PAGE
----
Max Verstappen tells ‘toxic’ Lewis Hamilton fans to ‘move on’

Max Verstappen and Red Bull boycotted Sky Sports interviews after "disrespectful" comments by Ted Kravitz.

True to his word, Max Verstappen refused to speak to Sky Sports after the race in Mexico, where the Dutchman picked up his record-breaking 14th win of this season.

The 25-year-old had announced the boycott as a result of comments made by Ted Kravitz during the section of Sky Sports’ weekend coverage ‘Ted’s Notebook’.

Kravitz made constant digs during his segment last week, questioning the legitimacy of Verstappen’s maiden title on numerous occasions while claiming multiple times that Lewis Hamilton was robbed in Abu Dhabi last year and how it would be a great story line if the Brit could beat ‘the man who robbed him’ in the race in Austin.

While this was clearly the incident that triggered the boycott from Verstappen, he said in the driver’s press conference that it is not just a one off comment that has forced him to take action, calling Sky Sports disrespectful.

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“It had nothing to do with this weekend, but this year it’s been a constant kind of like digging, being disrespectful, especially one particular person, and at one point it is enough, I don’t accept it,” he explained.

“You keep disrespecting me and at one point I’m not tolerating it anymore. So that’s why I decided to stop answering.”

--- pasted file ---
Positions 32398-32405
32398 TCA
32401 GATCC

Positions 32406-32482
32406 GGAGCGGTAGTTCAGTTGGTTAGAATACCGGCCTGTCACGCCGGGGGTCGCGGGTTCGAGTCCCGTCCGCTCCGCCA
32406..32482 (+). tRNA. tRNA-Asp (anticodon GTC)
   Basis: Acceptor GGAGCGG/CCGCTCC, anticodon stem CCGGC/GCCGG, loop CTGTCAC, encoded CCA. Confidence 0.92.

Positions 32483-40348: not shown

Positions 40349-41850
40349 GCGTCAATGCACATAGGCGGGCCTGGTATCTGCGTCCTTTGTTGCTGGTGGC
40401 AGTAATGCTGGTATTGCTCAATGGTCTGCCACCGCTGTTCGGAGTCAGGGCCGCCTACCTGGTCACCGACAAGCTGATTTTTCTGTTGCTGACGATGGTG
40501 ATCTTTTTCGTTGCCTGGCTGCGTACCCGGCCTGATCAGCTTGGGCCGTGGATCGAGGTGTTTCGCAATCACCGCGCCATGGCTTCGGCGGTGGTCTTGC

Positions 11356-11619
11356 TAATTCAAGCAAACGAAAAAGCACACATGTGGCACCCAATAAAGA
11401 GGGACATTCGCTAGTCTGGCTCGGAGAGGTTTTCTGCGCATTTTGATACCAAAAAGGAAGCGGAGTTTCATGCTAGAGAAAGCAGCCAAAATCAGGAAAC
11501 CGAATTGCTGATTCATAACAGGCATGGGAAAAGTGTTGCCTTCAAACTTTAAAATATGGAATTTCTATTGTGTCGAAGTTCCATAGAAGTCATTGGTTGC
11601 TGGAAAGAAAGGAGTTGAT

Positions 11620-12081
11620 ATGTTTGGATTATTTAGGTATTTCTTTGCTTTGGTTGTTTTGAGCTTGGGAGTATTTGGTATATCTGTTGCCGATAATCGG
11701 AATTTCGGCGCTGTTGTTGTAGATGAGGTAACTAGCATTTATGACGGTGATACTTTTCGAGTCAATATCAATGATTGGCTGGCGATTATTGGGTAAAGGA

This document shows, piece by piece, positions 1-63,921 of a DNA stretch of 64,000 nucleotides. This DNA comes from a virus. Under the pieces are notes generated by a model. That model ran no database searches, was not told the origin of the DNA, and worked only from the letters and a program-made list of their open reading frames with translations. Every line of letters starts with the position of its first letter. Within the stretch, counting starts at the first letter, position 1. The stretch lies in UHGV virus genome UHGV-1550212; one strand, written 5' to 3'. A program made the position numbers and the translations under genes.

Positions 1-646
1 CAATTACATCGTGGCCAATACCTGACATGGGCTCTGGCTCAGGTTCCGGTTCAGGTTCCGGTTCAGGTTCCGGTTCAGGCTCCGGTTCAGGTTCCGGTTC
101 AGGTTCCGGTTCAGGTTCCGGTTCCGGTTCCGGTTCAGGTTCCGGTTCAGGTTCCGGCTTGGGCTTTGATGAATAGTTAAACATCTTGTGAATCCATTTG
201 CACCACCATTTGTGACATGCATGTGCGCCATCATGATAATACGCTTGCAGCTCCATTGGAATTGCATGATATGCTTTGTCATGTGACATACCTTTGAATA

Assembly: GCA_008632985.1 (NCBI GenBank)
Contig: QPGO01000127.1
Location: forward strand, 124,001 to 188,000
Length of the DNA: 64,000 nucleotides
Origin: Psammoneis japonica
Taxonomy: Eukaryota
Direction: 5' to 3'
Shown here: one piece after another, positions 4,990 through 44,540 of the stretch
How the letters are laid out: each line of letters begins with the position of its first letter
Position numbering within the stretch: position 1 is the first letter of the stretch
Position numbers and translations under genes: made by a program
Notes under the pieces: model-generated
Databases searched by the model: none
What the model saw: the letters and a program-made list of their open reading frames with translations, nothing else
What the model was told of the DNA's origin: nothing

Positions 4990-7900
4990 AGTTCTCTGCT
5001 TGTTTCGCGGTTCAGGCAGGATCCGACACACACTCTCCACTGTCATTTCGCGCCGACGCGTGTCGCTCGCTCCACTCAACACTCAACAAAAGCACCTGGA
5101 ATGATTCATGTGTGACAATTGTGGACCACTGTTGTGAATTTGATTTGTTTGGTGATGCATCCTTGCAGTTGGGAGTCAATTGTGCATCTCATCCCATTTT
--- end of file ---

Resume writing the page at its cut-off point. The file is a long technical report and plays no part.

With mental health at the forefront of discussion in the modern world, the Dutchman sees Sky Sports as part of the problem rather than the solution, claiming that they are contributing to a toxic society on social media with their comments.

“You can’t live in the past, you just have to move on. 

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“At the moment social media is a very toxic place and if you are constantly being like that live on TV, you make it constantly worse, instead of trying to make it better in the world,” he suggested when asked about the boycott.

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The Dutchman recently spoke on the controversy surrounding his first title, insisting that he does not lose any sleep over it, and if fans choose to dispute the legitimacy of his win, then that is their problem not his.

The two-time world champion has had a much less controversial win this year, blazing away from the competition to be crowned back-to-back title winner as early as the Japanese Grand Prix a couple of weeks ago.

Verstappen described the boycott as ‘indefinite’ but it is yet to be seen if an apology from Kravitz would be able to sway they Dutchman back to completing his media duties with the broadcasting giants.